Second inspection of the year

It’s been a cold week, but today seemed to mark a turning point in the weather here. I took my coat and gloves back off; my gloves had been put away for the summer two weeks ago, only to be hastily retrieved when the cold winds arrived. In some parts of the country snow has fallen and the keepers have not found an opportunity to do a first inspection yet.

Cherry trees
Cherry tree in my garden – on one of the gray days

I lit my smoker and approached Demelza’s hive – I always inspect that hive first as it’s calmer. I still couldn’t spot Queen Demelza, and her workers had not made a start on drawing out the frames in their super. Perhaps they will now the weather seems to be warming up again. I saw eggs and brood across about six frames, and the colony seemed content and calm.

On to Kensa’s hive. I had left them a super of honey on over winter, which I now think was a mistake. They probably had too much space to keep warm, and now some of the brood has chalkbrood disease. The queen had also begun laying in the super, making it a colony on a brood-and-a-half system. I dislike this, as it means inspecting two boxes, and the two frame sizes are not interchangeable. I needed to find Queen Kensa this week for the next step in the Bailey comb change I’d started. I started by moving the top super box a few feet away and keeping it covered with the crown board to keep the bees calm. I placed the super box on top of the upturned hive roof, so that if the queen was there and fell down she would fall into the roof rather than on the ground.

I then spent some time inspecting the frames in the brood box. The colony was only using about half of these at one end of the hive. I also took the opportunity to slowly and gently remove comb sticking up from the top of the brood frames, using my hive tool. Unfortunately the bees became more and more agitated, and I couldn’t spot the queen.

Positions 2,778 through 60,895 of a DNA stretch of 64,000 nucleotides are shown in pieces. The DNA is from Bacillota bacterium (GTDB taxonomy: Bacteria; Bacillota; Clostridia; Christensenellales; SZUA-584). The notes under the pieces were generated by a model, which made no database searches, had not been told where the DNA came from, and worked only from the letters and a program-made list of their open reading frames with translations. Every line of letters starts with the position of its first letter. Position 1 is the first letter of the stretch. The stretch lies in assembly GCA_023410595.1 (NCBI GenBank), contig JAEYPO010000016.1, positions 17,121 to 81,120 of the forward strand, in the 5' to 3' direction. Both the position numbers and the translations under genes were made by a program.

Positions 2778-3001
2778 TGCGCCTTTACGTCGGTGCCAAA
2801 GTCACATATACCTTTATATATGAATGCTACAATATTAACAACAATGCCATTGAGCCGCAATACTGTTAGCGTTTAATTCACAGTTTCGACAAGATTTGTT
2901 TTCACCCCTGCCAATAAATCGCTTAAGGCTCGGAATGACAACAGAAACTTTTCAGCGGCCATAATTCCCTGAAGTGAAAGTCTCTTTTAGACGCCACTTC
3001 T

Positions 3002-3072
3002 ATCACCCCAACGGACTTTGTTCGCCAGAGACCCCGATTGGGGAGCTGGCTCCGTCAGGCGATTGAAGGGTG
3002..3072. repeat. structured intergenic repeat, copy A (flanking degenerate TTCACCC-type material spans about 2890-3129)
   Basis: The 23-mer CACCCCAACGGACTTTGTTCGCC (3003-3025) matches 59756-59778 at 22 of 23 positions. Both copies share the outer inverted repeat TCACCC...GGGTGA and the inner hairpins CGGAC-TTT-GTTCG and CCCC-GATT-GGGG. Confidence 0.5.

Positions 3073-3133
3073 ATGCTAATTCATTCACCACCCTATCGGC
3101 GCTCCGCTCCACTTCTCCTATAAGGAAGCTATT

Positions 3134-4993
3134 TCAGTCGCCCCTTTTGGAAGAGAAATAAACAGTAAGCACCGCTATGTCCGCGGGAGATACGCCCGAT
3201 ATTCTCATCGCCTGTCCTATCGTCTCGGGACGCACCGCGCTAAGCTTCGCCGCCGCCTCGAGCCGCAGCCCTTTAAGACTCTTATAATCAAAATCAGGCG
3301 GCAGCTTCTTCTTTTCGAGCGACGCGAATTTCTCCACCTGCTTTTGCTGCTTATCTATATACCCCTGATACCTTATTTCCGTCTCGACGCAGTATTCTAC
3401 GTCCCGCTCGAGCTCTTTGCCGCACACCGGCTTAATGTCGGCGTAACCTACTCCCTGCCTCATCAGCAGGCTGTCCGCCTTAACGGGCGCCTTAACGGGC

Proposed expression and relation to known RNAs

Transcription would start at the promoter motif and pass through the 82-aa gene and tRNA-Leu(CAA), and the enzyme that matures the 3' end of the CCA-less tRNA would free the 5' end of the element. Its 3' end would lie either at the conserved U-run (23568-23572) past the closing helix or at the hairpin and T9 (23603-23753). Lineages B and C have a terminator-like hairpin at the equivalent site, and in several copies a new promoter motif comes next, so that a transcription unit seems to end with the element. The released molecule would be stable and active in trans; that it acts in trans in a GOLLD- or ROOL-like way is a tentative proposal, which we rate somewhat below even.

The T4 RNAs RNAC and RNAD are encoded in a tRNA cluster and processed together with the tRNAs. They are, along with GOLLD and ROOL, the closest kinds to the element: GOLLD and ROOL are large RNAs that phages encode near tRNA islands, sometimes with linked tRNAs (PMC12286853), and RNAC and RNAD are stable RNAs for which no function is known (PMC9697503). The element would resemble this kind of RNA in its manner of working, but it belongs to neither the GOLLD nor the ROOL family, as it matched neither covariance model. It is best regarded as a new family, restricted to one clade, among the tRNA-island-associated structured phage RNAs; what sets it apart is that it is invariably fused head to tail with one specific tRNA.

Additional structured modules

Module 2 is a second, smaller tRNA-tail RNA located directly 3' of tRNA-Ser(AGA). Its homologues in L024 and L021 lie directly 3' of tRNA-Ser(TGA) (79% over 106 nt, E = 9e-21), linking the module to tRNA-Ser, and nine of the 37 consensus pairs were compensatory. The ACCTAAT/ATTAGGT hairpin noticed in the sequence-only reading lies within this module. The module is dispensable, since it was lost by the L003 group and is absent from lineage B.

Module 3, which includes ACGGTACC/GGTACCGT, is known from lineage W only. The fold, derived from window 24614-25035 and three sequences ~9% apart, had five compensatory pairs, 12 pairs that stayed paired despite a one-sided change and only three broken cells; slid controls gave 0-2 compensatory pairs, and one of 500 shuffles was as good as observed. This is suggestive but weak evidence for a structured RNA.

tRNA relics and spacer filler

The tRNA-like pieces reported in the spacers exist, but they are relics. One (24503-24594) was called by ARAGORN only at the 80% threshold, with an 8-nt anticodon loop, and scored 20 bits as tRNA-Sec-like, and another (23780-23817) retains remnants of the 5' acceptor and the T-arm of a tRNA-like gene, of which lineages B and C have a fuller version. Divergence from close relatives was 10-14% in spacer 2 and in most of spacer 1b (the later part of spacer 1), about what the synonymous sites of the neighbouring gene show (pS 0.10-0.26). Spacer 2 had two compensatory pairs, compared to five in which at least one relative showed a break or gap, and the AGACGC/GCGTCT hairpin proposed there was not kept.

The mood of the bees gave me a clue that perhaps Queen Kensa was in the super a few feet away. The bees very quickly notice if their queen goes missing and you can hear the sounds of the colony changing slightly. I covered over the top of the hive and moved over to the super. Moving the brood away is a good trick with an aggressive hive, as the flying foragers are more defensive than the nurse bees that stay with the brood. The bees in the super were in a very different mood, with a busy but peaceful hum. I decided the queen must be with them.

I carefully ran my eyes over the frames, turning them over and taking in all the bees. About three frames in, I saw her. And then I didn’t. My eyes lost her for a second and she disappeared. I turned the frame over several times before spotting her again, long and chocolate brown. That’s how easy it is to lose an unmarked queen.

Returning to the brood box, I removed the half of the frames that were empty and filled them with some of the super frames of brood. I placed the queen excluder on top and then Queen Kensa on the super frame I’d found her on, plus the new brood frames added last time. Once the brood below hatches out, I can remove the old frames and get them down to one brood box with mostly new comb. Not a perfect Bailey comb change but a good start. I plan to mark Queen Kensa next week now I have narrowed down where she is. I was feeling quite tired out by this point!

I can already think of some things I’ve done wrong, but never mind, hopefully the colony is moving in the right direction and I’ll sort it out on the next inspection.

By the way, does anyone know how to edit images in the WordPress media library to make their dimensions smaller? I used to know how but the option seems to have been removed. I can see how to make images in posts smaller but it looks like the original images in the media library remain the same size and take up more space.

Apple buds
Mini apple tree in my garden. I had two in pots – one survived the winter and one failed

About Emily Scott

I am a UK beekeeper who has recently moved from London to windswept, wet Cornwall. I first started keeping bees in the Ealing Beekeepers Association’s local apiary in 2008, when I created this blog as a record for myself of my various beekeeping related disasters and – hopefully! – future successes.

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